Landscape Writing,  Mountain Writing,  Writing

Emotional Mountains

Swirling autumn mists on Dalehead, Cumbria. A fine fell running day.

I’m not one of those folk who ascribe motives or emotions to mountains.  A mountain, whether Kinder or K2, is just a lump of rock, maybe covered with slippery and/or squelchy bits.  Any treachery, cruelty, intimidation, or indeed welcoming friendliness, is our human projection; nothing more, nothing less.  A mountain just is; it cannot physically be anything other. 

And I genuinely believe, and hold to that idea.  Books, films and especially news reports anthropomorphising a fell or mountain as treacherous or evil really pisses me off.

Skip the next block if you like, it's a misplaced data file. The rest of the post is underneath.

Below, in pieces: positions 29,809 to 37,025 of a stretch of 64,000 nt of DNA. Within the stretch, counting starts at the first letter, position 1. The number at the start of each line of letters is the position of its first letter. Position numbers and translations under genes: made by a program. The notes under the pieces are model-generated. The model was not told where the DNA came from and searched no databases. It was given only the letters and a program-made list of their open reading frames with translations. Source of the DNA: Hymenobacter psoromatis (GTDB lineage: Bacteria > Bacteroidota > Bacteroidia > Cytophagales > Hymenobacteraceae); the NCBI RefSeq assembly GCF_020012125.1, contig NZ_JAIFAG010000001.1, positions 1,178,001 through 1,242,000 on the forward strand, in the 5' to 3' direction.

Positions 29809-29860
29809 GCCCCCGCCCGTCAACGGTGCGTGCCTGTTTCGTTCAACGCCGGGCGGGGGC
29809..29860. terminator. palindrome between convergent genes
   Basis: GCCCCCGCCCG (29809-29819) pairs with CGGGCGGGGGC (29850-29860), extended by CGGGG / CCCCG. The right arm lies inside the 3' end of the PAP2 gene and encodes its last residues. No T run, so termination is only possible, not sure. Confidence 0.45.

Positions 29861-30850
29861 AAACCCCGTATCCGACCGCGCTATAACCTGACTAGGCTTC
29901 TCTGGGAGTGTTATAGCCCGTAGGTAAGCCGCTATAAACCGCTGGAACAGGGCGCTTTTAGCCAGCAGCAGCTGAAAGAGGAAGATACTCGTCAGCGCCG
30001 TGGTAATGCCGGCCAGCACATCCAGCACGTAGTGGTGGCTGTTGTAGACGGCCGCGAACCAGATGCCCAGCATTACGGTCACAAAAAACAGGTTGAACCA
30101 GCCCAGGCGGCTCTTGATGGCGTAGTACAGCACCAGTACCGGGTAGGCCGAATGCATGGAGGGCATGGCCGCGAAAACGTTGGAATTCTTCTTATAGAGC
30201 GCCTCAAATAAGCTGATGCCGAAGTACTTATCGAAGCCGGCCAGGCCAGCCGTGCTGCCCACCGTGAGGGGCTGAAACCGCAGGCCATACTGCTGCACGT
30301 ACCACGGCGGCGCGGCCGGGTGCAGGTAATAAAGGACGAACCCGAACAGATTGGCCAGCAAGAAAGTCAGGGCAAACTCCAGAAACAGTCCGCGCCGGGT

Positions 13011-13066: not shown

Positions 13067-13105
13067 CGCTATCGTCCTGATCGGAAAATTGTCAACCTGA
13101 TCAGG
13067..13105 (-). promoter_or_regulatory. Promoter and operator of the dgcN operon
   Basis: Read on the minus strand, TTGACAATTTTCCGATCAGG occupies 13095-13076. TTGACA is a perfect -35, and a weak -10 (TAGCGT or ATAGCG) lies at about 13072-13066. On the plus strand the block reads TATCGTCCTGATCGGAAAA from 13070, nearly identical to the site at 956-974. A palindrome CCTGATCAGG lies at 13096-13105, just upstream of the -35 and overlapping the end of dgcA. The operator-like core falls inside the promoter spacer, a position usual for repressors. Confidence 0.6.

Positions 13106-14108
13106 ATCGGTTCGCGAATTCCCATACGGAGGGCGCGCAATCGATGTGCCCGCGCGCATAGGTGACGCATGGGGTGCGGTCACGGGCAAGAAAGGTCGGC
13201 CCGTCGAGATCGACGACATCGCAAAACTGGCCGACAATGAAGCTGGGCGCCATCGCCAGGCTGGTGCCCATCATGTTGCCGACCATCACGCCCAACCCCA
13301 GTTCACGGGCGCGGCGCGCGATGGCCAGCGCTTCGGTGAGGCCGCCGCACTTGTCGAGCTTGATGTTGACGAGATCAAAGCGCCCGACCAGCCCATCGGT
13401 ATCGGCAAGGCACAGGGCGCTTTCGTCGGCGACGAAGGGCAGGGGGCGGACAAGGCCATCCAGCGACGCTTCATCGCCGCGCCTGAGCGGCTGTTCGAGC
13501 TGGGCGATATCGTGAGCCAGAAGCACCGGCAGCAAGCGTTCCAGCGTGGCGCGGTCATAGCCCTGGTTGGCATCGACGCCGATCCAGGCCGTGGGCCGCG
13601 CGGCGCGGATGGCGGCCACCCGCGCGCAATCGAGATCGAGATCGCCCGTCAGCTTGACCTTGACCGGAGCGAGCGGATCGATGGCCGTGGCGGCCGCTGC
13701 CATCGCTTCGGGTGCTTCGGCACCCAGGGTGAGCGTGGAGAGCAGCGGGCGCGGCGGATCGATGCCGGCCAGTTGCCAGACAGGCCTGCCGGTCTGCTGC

But then there are lumps like Dalehead, that thumping great fell plonked on the south side of Honister Pass.  It is, true, like all fells just a lump of rock and bog.  An inanimate thing, neutral.  But.  All those false summits, on that straight up the slope ascent.  I swear, that fell, it’s tormenting me, laughing at me.  It’s actually a version of classical mythology’s Hydra.  Each ruddy “summit” as I reach it spawns two more, looming away into the mist (and there’s always mist). 

It’s still a pathetic fallacy to attribute emotions or motives to a mountain though.  The only ones truly to be found there are those we carry in, and carry out, in our minds.